The Ajanta caves, numbered sequentially from east to west - 1 to 30, are located in a great arc cut by the curving course of River Waghora. The numbering bears no relation to the order in which the caves were excavated. These caves are not natural but are carved out of the rock itself and quite likely based upon structural prototypes that are now non-existent. Five of these thirty caves– 9, 10, 19, 26 and 29 are chaitya-grihas (sanctuary) and the rest are sanghramas or viharas (monastery).
Ajanta had two distinct periods of patronage. The Earlier Buddhist phase took place between approximately 100 BCE and 100 CE. The austere Caves 9, 10, 12, 13 and 15A / 30 were excavated as community efforts during that period. The broken Cave 8 was long considered an earlier Buddhist school excavation because of its primitive character but it was actually undertaken at the very start of the Vakataka phase, in fact it is possibly the earliest excavated vihara (monastery) in the whole of India. After the Early Buddhism period, the site lay dormant for three centuries but the situation dramatically changed in the mid-fifth century, when a renaissance took place under the aegis of emperor Harisena of the Vakataka dynasty, a group of powerful patrons – local rulers of the Ajanta region and the feudatories from nearby, Asmakas patronized development of a cave. During the Vakataka’s resurgence activity, the early Buddhist caves were reutilized and refurbished in different ways.
In contrast to the shared donations of Early Buddhist phases, during the Vakataka phase, each cave was the exclusive offering of a single important donor. From 462 CE on, activity burgeoned for half a decade and at least twenty Vakataka caves were started in that period. However by 468 CE the neighboring Asmakas were threatening the stability of the region with their territorial ambitions. As a result, Upendragupta, the local feudatory ruler, ordered work to be stopped on all caves except the royal caves. This was the period of Recession. The political situation worsened and by 472 CE work on these royal caves was abandoned too. War must have flared in the region at this point for the site’s patronage was now totally cut off for a few years in the early 470s. Apparently many artists migrated north to work on the contemporaneous Bagh caves during this period for that region was under the secure rule of Harisenas’s viceroy. This is the period of Hiatus. In 475 CE, the Asmakas became the feudatory lords of the region and the Asmaka phase begun. Ajanta’s new florescence was however short-lived. In 477 CE, with emperor Harisena’s death, political turbulence began. All ongoing excavation programs were abandoned during 478 CE when Harisena’s son Sarvasena III succeeded and the patrons focused on getting the main Buddha images completed and dedicated. During the period of disruption all old programs were abandoned and the Asmakas withdrew support to prepare for overthrowing the Vakatakas. For a brief period 479 - 80 CE, the monks still living at Ajanta took advantage of the disruption at the site by donating intrusive Buddhas to earn merit. This eruption of intrusive piety was also short-lived for the funds sustaining these modest offerings soon ran out and the last remaining artists moved away. Monks continued living in a few of the caves for a few years. After 480 CE, not a single image was ever made again at the site.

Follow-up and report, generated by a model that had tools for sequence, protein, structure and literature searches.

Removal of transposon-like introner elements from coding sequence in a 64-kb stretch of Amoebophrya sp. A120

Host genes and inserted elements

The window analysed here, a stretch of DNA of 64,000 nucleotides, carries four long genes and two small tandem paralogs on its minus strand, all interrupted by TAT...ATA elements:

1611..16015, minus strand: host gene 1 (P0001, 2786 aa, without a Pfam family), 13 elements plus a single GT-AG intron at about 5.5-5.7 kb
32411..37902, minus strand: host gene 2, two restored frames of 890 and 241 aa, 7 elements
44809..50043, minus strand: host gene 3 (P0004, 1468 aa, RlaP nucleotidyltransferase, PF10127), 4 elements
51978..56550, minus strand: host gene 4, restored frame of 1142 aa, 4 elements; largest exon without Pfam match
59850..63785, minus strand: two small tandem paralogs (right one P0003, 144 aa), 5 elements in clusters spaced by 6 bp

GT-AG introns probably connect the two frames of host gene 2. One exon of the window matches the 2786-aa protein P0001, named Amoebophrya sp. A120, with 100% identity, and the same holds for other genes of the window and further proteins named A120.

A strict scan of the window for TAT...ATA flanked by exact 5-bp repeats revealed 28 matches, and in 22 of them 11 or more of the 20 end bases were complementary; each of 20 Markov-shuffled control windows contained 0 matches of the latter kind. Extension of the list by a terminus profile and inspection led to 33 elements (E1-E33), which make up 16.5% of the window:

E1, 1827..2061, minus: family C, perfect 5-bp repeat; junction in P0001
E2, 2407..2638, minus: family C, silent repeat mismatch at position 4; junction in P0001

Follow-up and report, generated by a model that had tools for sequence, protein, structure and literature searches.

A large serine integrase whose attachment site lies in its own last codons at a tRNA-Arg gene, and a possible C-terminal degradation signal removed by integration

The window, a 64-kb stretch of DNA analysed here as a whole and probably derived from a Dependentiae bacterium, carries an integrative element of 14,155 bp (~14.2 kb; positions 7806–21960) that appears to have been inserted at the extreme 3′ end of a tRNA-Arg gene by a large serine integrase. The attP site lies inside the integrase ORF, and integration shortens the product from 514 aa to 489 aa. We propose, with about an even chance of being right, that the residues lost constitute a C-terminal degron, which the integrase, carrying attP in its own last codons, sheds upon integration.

The site combines painting, sculpture and architecture and extends in time from early Buddhist aniconic phase through the later period. The paintings in the Ajanta caves are primarily Jatakamala scenes that describe the previous births of the Buddha. The compositions from these fables are not represented horizontally like a frieze, but show scenes spreading in all directions. The ceilings are also painted with decorative motifs. The rock-cut sculptures are also noteworthy. The Ajanta Caves were built in a period when both the Buddha and the Hindu gods were simultaneously revered in Indian culture.
• Mitra, D., Ajanta, New Delhi, Archaeological Survey of India, New Delhi, 1964.
• Spink, W.M., Ajanta: A Brief History and Guide, Asian Art Archives of the University of Michigan, 19??.
• Spink, W.M., Volume 18/5 Ajanta: History And Development: Cave By Cave, Brill, Leiden. Boston, 2007.
One of the most extraordinary archaeological sites in India, Khajuraho in Chhatarpur district of Madhya Pradesh, preserves the country's largest and most magnificent groups of medieval temples. It is located on the banks of the Khudar Nala, a tributary of the Ken river (ancient Karnavati). The area is surrounded by scenic waterfalls, and the low-lying hills of the Vindhya range, locally called Datla and Lavania Pahads, which provide a lovely backdrop to the temple complex. Today, Khajuraho is a small village. But, between AD 900 and 1200, under the Chandella dynasty, it was a flourishing temple town, called Kharjuravahaka, extending over an area of 13 square east of Jhansi. A tradition records that once there were eighty-five temples in Khajuraho; but now only twenty-five remain in varied states of preservation. (Devangana Desai, Khajuraho, Oxford University Press, New Delhi 2000)